Immigration Law Firm in San Jose & San Francisco
Weekly Updates: 03/30/2018

Weekly Updates: 03/30/2018

This is a very sad week for immigration law and law in general. Judge Stephen Reinhardt (aka the Liberal Lion) died this week from a heart attack. He was eighty-seven years old and still serving as a judge. He served on the Ninth Circuit from September 11, 1980 until his death on March 29, 2018. He was the judge who originally wrote Cardoza-Fonseca in the Ninth. He saved so many lives and I, personally, loved reading his cases. As a gift, I am citing to one of his decisions where he found that Cal. Penal Code § 314 (lewd or obscene conduct or indecent exposure) is categorically not a crime involving moral turpitude. It’s a long cite but it’s really funny and indicative of his insightful commentary and sense of humor.

Because there is no requirement that the viewers actually be offended by the exposure, and because the purpose of the conduct may be the "sexual arousal or gratification" of the viewer, rather than the exposer, California courts have, under § 314, upheld convictions for nude dancing at bars. For example, in People v. Conway, the defendant was a waitress and dancer in a beer bar. While she was clothed when serving beer, she was observed to undress and perform naked on a raised platform located along one wall of the barroom. She openly displayed her private parts to the nearby customers, paying most of her attention to those customers who placed money on the platform for defendant. Conway, 162 Cal.Rptr. at 878.8 See also People ex rel. Hicks v. Sarong Gals, 27 Cal.App.3d 46, 103 Cal.Rptr. 414, 415 (1972) (noting multiple arrests of dancers at a topless-bottomless bar for violating § 314).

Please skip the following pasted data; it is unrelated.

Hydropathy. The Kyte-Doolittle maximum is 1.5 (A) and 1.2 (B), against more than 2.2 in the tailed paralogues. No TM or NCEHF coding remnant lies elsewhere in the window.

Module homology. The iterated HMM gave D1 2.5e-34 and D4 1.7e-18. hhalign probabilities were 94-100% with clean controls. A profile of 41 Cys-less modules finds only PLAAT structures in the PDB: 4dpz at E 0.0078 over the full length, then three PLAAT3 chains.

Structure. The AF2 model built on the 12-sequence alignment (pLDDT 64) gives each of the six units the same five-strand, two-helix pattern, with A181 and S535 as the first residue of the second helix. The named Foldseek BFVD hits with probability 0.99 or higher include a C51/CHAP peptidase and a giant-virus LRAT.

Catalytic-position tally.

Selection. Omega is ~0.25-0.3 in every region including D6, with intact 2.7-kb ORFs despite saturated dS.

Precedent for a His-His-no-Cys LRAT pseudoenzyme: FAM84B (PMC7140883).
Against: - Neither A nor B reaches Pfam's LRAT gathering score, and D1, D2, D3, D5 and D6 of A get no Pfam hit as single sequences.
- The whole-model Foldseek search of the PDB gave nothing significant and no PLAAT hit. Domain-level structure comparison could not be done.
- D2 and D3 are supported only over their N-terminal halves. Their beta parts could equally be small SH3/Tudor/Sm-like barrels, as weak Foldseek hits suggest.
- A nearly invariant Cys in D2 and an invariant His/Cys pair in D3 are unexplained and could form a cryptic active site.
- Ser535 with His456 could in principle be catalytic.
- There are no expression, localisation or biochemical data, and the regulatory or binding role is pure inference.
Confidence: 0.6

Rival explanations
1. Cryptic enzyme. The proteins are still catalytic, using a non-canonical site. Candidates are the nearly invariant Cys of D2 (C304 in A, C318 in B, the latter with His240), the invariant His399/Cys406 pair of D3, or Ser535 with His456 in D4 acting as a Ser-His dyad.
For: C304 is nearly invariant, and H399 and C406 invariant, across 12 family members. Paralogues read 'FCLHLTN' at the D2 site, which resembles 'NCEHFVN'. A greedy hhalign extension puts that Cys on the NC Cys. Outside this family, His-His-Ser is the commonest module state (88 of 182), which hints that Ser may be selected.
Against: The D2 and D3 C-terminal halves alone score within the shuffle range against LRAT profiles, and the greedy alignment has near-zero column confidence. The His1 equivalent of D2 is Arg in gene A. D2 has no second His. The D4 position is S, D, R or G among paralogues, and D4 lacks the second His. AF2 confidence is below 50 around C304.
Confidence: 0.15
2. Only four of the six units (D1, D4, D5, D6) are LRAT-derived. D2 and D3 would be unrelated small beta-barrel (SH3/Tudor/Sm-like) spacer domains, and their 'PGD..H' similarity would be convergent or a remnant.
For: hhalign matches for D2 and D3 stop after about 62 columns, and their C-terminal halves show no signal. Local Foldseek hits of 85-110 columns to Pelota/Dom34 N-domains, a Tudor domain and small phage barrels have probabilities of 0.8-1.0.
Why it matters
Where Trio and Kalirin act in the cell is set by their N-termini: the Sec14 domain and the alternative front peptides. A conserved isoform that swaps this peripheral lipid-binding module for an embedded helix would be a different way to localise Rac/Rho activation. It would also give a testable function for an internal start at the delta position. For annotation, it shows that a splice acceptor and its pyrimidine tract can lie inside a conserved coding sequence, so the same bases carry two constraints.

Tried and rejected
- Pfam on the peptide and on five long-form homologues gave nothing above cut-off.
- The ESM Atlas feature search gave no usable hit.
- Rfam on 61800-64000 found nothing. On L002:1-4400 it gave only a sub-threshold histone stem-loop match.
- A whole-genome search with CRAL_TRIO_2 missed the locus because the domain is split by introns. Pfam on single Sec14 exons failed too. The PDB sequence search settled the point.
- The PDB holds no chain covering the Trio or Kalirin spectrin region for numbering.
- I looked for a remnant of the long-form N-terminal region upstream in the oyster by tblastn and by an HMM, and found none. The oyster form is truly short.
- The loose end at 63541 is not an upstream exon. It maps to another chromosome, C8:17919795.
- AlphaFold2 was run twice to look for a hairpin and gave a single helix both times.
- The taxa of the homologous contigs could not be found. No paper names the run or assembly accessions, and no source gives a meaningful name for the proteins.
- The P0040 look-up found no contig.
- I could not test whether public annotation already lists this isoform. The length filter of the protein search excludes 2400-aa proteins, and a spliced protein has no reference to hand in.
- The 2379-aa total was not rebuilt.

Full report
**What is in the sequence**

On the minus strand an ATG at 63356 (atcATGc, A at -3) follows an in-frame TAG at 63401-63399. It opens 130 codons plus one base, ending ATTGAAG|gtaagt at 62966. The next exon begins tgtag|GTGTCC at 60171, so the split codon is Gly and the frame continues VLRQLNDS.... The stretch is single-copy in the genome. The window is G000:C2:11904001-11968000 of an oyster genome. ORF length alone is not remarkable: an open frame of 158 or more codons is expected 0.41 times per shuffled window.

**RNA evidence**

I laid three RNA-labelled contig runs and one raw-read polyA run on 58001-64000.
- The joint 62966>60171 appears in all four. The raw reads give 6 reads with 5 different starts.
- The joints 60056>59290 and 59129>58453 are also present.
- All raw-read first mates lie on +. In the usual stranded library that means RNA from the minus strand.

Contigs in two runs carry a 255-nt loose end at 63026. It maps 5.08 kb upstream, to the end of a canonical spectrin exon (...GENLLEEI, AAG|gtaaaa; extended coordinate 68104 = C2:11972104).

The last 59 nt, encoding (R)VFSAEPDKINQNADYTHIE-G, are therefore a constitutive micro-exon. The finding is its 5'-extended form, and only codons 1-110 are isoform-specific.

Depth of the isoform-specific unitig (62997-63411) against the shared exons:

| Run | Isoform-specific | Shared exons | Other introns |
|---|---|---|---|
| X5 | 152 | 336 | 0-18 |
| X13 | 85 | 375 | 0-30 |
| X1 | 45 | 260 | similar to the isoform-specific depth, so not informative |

Erotic, completely nude dancing is offensive to many people. It is not, however, so "base, vile, and depraved" that it shocks the conscience. As a plurality of the Supreme Court explained, "nude dancing ... is expressive conduct, although ... it falls only within the outer ambit of the First Amendment's protection." City of Erie, 529 U.S. at 289, 120 S.Ct. 1382. It would be odd indeed to hold that conduct that is entitled to some protection in order to keep our society free is also flatly "contrary to the societal duties we owe each other." Navarro–Lopez, 503 F.3d at 1069. Nude dancing, moreover, is a prototypical victimless crime. Whatever one's view of the merits of such conduct, it is simply not base, vile, and depraved. As with the conduct at issue in Rylaarsdam, see p. 1134 n. 7, supra, it may shock certain individuals but not those who patronize the establishment in order to see or take part in it. It does not cause them physical or psychological harm and it certainly does not shock their conscience.


Nunez v. Holder, 594 F.3d 1124, 1135–36 (9th Cir. 2010).

Rest in peace Judge Reinhardt and thank you.

Ninth Circuit

In some good news this week, the Ninth Circuit decided to rehear Marinelarena v. Sessions, 869 F.3d 780 (9th Cir. 2017) en banc and abrogated the panel’s decision. In Marinelarena the noncitizen had been convicted of conspiracy to sell or transport a controlled substance. The Court found that the statute was divisible as to the identity of a controlled substance and that the noncitizen had not met her burden under Young v. Holder, 697 F.3d 976 (9th Cir. 2012) (en banc) to prove that she had not been convicted of a controlled substance offense. Because the record of conviction was ambiguous on this point, the noncitizen could not qualify for cancellation of removal for non-lawful permanent residents. The Court held that Young v. Holder remains good law because it was not clearly irreconcilable with Moncrieffe v. Holder, 569 U.S. 184 (2013).